point is xP = 0 and Congress’s ideal point is a number xC > 0. Each player wants the outcome of the

game to be as close as possible to its ideal point.

11. Recall the Buying Votes game. A legislature has 3 members. Each legislator can vote for bill X or bill

Y , and the bill that receives a majority of their votes passes. Interest group X favors bill X, while

interest group Y favors bill Y . The interest groups make campaign donations to the legislators in order

to induce them to vote as the interest groups prefer. Specifically, first group X gives amounts of money

(x1, x2, x3) to the k legislators, where xi is the amount group X gives to legislator i, and then group

Y gives amounts (y1, y2, y3), where yi is the amount group Y gives to legislator i. After the interest

groups make their payments, each legislator i votes for bill X if and only if xi > yi. (So if xi = yi, the

legislator votes for bill Y .) Group X’s payoff is 0 minus the sum of its payments to the legislators if

bill Y passes, and VX minus the sum of these payments if bill X passes. Group Y ’s payoff is 0 minus

the sum of its payments to the legislators if bill X passes, and VY minus the sum of these payments if

bill Y passes.

12. Consider the following version of the Bach-or-Stravinsky game:

B S

B 4, 2 0, 0

S 0, 0 1, 4

13. Consider the following sequential version of the Public Goods Provision game with three players. First

player 1 chooses whether to contribute or not; then player 2, having observed player 1’s choice, chooses

whether to contribute or not; then player 3, having observed the choices of players 1 and 2, chooses

whether to contribute or not. The public good is provided if and only if at least two players contribute.

If the public good is provided, and a player has not contributed, their payoff is B. If it is provided, and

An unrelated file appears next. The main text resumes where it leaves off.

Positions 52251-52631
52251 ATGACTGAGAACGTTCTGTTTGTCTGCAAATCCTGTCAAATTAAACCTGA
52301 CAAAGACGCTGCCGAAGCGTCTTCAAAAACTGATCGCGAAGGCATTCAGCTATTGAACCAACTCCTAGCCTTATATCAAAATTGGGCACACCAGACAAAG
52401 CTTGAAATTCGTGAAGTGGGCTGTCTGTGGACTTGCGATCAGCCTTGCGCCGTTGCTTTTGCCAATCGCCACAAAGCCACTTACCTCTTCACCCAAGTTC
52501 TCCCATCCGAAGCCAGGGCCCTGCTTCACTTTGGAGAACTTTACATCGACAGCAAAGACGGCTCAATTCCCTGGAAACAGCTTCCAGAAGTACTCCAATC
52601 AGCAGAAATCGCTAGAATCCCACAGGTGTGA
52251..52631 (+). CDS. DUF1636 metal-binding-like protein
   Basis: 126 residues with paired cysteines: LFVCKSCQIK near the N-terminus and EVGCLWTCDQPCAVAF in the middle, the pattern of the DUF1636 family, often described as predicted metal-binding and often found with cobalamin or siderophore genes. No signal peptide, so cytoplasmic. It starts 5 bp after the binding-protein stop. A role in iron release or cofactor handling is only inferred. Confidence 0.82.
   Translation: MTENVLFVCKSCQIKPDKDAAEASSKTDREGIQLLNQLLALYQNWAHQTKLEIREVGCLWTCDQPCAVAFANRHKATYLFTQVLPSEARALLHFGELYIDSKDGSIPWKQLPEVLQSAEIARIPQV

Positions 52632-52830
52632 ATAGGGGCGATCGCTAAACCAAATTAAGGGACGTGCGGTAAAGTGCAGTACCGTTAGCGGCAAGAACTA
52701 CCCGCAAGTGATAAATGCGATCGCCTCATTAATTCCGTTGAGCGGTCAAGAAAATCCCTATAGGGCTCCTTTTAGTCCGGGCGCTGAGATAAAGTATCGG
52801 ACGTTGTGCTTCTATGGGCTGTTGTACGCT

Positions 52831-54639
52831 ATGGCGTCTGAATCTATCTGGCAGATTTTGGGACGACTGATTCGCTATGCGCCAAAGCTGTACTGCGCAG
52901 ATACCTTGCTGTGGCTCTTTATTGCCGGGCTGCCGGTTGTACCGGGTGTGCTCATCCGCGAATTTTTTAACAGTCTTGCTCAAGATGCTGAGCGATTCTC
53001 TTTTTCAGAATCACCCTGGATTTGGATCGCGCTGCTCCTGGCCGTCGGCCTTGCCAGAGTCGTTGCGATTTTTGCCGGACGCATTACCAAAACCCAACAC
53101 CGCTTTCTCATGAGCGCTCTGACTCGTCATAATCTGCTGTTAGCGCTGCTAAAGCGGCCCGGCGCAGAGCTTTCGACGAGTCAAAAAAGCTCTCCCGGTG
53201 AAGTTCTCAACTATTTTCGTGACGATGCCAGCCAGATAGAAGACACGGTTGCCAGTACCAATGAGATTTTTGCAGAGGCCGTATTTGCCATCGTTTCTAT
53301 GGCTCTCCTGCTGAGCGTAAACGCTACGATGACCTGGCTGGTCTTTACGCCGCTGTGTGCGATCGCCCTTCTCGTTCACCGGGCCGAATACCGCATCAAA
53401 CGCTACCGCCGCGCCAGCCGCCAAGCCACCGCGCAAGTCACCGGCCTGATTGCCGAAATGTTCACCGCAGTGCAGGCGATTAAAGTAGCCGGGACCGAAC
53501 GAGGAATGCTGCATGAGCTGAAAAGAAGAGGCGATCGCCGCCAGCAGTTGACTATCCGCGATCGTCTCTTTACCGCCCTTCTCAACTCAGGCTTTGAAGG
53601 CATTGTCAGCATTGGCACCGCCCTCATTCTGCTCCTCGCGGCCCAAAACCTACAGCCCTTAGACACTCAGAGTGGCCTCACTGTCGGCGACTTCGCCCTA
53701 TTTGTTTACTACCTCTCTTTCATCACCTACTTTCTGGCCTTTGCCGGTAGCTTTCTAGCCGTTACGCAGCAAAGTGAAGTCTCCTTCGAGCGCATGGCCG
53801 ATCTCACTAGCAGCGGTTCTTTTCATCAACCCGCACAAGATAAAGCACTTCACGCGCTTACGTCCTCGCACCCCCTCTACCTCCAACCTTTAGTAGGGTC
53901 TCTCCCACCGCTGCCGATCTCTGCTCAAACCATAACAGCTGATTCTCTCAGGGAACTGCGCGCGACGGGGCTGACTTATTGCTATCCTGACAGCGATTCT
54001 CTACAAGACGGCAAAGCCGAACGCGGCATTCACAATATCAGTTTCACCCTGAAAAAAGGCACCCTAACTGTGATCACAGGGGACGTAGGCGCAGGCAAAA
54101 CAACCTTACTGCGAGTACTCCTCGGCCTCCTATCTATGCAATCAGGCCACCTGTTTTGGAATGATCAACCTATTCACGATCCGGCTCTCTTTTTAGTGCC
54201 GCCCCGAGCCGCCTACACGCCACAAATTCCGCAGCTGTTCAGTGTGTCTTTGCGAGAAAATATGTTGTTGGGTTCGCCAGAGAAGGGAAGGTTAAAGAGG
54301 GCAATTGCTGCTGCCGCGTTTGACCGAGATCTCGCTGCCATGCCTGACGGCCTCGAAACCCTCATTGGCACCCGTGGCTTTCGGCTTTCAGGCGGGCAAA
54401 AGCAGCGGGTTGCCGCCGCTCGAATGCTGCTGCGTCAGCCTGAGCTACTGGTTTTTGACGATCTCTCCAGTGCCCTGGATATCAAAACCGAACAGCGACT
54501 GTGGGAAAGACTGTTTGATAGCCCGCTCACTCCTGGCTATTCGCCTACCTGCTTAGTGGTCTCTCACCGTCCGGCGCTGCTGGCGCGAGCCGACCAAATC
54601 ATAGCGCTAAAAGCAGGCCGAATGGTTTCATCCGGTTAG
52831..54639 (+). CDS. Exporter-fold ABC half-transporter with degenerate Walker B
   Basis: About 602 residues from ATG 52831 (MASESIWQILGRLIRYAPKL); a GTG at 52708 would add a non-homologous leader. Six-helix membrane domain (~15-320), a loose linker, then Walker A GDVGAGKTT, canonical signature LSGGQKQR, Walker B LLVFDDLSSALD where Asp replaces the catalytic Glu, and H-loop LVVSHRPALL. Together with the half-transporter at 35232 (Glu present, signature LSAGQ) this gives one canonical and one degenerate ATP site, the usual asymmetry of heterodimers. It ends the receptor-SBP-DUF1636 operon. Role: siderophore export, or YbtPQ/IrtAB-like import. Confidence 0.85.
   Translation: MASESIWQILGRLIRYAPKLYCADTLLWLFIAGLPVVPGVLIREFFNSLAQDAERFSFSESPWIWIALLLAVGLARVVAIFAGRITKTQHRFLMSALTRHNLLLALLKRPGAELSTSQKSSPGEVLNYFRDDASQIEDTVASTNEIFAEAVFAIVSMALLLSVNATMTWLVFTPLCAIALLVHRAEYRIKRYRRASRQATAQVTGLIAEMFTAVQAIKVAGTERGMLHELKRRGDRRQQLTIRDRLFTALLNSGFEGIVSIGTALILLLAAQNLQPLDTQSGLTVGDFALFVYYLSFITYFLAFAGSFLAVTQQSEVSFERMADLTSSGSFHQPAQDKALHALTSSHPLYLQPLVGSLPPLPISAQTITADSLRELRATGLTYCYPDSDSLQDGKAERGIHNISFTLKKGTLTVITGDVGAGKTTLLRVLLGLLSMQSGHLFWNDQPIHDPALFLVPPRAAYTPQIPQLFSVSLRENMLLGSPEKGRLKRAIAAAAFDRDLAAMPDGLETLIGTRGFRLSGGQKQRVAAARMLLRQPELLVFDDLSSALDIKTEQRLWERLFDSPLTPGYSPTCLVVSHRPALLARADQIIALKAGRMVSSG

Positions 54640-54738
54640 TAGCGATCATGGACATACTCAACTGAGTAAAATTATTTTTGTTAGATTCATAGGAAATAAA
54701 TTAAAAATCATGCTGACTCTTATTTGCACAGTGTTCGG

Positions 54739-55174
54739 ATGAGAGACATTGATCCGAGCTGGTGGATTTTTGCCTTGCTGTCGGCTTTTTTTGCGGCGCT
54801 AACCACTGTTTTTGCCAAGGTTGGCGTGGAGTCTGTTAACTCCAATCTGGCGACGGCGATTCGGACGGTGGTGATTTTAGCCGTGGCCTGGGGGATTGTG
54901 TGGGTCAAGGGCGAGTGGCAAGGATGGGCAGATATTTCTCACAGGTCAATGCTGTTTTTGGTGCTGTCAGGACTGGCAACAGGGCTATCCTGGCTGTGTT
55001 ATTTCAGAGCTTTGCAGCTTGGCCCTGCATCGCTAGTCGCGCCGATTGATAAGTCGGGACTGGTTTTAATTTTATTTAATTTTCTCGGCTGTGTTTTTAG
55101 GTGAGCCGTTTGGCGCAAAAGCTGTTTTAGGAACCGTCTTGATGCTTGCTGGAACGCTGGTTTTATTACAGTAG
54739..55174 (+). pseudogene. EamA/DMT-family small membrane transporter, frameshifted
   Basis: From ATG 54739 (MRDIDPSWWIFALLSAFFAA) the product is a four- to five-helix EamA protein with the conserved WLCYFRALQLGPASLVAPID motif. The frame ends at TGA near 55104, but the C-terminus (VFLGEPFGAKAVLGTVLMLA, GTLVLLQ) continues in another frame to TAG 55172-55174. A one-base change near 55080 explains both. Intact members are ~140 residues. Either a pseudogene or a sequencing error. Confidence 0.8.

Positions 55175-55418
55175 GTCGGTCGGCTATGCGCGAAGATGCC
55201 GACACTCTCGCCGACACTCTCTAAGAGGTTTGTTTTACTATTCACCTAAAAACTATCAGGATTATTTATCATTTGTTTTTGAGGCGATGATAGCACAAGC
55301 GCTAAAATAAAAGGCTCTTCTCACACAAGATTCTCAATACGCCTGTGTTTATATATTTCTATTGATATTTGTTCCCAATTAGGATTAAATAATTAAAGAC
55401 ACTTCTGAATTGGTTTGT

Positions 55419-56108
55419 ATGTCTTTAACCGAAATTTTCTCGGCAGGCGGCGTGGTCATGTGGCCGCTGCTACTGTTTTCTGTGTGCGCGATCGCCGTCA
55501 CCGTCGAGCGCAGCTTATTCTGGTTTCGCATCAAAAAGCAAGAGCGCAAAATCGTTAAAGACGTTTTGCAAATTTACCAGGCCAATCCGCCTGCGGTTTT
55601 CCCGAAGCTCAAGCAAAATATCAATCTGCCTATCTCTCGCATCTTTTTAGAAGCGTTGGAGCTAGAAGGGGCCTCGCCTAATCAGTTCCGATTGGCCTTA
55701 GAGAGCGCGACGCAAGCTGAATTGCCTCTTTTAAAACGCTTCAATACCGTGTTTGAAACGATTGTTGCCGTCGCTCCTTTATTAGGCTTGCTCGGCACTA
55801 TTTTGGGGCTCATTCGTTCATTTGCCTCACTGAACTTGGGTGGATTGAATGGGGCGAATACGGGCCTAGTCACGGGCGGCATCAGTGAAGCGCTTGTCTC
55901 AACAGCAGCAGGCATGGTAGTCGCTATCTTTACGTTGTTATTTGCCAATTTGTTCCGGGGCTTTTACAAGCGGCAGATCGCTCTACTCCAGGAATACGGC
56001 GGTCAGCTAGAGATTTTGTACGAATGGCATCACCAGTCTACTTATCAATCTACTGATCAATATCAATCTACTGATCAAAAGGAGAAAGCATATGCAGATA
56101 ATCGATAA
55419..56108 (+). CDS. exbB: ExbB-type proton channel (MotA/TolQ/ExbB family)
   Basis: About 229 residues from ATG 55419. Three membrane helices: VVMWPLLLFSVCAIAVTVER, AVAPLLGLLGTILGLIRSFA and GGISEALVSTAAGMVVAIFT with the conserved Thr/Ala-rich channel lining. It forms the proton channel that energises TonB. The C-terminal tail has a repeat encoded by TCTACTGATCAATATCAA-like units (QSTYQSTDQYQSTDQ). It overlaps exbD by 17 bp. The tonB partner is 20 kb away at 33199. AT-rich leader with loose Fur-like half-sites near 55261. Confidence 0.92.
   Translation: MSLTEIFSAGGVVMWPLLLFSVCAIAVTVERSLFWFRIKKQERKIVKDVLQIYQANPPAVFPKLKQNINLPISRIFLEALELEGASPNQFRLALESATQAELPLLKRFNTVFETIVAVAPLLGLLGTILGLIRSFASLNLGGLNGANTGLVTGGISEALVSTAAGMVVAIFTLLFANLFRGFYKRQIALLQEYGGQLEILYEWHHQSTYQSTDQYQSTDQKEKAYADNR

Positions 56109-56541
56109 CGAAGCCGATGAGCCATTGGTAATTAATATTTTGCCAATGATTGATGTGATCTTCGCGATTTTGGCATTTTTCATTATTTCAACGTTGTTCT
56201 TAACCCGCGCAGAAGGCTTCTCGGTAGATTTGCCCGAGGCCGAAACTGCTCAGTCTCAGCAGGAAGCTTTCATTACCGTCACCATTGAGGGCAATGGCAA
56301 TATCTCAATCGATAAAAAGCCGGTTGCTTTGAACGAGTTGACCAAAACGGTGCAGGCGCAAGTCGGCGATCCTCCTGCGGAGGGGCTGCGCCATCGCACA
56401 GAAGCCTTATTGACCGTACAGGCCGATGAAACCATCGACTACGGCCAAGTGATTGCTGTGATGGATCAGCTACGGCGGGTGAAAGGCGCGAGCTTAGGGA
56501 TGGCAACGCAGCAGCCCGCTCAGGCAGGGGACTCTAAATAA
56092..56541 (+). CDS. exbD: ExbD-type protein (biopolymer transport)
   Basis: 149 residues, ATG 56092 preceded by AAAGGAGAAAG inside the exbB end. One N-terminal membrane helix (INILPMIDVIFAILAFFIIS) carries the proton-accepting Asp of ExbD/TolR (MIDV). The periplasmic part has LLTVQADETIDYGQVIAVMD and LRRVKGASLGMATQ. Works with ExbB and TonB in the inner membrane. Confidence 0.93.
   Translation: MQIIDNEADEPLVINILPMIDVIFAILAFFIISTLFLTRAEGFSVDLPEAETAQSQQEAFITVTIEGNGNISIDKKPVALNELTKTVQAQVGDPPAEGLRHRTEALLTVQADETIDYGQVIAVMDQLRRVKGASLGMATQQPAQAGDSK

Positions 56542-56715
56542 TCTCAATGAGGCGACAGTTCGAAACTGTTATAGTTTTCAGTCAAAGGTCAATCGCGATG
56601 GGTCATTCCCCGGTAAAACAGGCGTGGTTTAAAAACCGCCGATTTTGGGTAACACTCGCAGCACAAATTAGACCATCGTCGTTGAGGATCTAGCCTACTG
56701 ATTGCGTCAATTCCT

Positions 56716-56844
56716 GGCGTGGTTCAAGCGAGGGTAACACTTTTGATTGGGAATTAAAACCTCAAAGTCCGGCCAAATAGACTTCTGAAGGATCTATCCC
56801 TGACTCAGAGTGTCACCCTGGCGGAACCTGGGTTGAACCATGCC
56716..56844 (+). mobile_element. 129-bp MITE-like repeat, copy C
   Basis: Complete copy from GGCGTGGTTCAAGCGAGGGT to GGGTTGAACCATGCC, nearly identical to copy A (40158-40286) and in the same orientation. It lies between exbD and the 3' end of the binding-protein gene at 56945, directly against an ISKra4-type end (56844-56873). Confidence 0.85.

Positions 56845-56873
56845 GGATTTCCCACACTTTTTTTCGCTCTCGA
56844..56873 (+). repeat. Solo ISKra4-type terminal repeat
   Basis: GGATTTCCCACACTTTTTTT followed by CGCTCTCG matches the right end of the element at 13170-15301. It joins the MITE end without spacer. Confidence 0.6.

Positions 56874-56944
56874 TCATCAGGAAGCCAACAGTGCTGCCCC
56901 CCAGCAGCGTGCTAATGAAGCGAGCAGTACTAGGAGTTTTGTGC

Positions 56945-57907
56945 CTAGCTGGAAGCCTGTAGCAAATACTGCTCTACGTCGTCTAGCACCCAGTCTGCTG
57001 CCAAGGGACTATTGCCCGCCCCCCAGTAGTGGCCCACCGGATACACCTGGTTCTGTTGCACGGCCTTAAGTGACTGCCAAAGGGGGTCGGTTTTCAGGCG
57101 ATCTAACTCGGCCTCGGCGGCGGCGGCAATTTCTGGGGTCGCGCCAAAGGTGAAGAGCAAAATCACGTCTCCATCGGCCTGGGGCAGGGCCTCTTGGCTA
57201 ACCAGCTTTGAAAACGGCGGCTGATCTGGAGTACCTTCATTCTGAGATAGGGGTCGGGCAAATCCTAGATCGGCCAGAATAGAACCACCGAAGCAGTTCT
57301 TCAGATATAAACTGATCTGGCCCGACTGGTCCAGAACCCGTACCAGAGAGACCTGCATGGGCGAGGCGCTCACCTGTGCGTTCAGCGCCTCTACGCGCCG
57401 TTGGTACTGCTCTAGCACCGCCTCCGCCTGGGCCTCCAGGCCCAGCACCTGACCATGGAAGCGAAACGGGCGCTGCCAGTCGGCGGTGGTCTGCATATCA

the player has contributed, their payoff is B − c. If it is not provided and they have not contributed,

their payoff is 0. And if it is not provided but they have contributed, their payoff is −c. Assume

0 < c < B.

14. Consider a sequential version of the Hotelling-Downs model of electoral competition. First candidate

A chooses a position xA ∈ R, then candidate B chooses a position xB ∈ R. As in the original version,

voters vote for whichever candidate has adopted the position closest to their favorite position, and the

distribution F of ideal points is such that x < y implies F (x) < F (y), and there is a number m (the

1Each candidate has a favorite position; her dislike for the other positions increases with their distance from her favorite

position. For example, if candidate i’s favorite position is z∗i , then her payoff is −|z∗i − y| if y is the position of the winning

candidate—irrespective of whether she or the other candidate wins. Let z∗A refer to the favorite position of candidate A and let

z∗B refer to the favorite position of candidate B, and assume z

∗

A < m < z

∗

B , where m is the median voter’s favorite position. If

the candidates choose positions xA and xB and these positions are equally far from m, then the outcome of the election is the

compromise position, xA+xB

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, which is the position midway between xA and xB (and equal to xA and xB if xA = xB). If one

position is closer to m than the other, then the candidate who adopted the closer position wins.

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median voter’s favorite position) such that F (m) = 1/2. Each candidate prefers winning to tying and

prefers tying to losing.